As the number of studies showing that items can be retained as bound representations in memory increases, researchers are beginning to investigate how the different features are bound together. In the present study, we examined the relative importances of the verbal and spatial features in serial memory for visual stimuli. Participants were asked to memorize the order of series of letters presented visually in different locations on the computer screen. The results showed that manipulating the phonological similarity of the letters affected recall of their spatial locations, but that increasing the complexity of the spatial pattern had no effect on recall of the letters. This finding was observed in both order reconstruction (Exps. 1 and 2) and probe serial recall (Exps. 3 and 4), suggesting that verbal-spatial binding in serial memory for visual information is asymmetric.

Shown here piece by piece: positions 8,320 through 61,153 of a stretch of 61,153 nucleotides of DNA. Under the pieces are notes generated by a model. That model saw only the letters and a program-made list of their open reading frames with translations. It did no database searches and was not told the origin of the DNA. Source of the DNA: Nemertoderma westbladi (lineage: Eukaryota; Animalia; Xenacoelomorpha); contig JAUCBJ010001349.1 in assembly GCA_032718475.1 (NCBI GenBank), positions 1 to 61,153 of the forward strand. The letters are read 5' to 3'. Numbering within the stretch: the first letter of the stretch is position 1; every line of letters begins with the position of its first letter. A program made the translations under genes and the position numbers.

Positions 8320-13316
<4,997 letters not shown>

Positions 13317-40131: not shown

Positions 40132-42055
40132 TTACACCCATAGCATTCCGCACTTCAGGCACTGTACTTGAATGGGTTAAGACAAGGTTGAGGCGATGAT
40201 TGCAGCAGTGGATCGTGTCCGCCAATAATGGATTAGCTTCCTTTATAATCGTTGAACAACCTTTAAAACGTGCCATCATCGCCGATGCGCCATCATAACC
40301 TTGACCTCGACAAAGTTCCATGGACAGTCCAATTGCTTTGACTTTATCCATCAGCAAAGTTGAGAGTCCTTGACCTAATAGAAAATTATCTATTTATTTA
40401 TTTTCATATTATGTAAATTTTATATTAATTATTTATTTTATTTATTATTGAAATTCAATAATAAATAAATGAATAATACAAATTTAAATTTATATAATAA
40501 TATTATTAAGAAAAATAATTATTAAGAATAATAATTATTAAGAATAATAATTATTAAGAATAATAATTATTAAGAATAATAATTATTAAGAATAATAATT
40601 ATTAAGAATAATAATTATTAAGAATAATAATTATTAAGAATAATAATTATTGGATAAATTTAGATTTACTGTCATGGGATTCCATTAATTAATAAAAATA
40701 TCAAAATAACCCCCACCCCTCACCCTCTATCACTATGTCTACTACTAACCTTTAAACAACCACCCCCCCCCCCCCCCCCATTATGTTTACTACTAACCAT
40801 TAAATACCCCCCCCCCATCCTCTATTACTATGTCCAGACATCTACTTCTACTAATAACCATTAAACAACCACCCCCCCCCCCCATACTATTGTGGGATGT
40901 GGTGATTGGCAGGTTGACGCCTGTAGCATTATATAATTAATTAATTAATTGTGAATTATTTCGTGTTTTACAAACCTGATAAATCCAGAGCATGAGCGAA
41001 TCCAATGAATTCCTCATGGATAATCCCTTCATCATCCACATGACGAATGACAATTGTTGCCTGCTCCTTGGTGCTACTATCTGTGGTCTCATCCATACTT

- Immediate memory
- VISUAL WORKING-MEMORY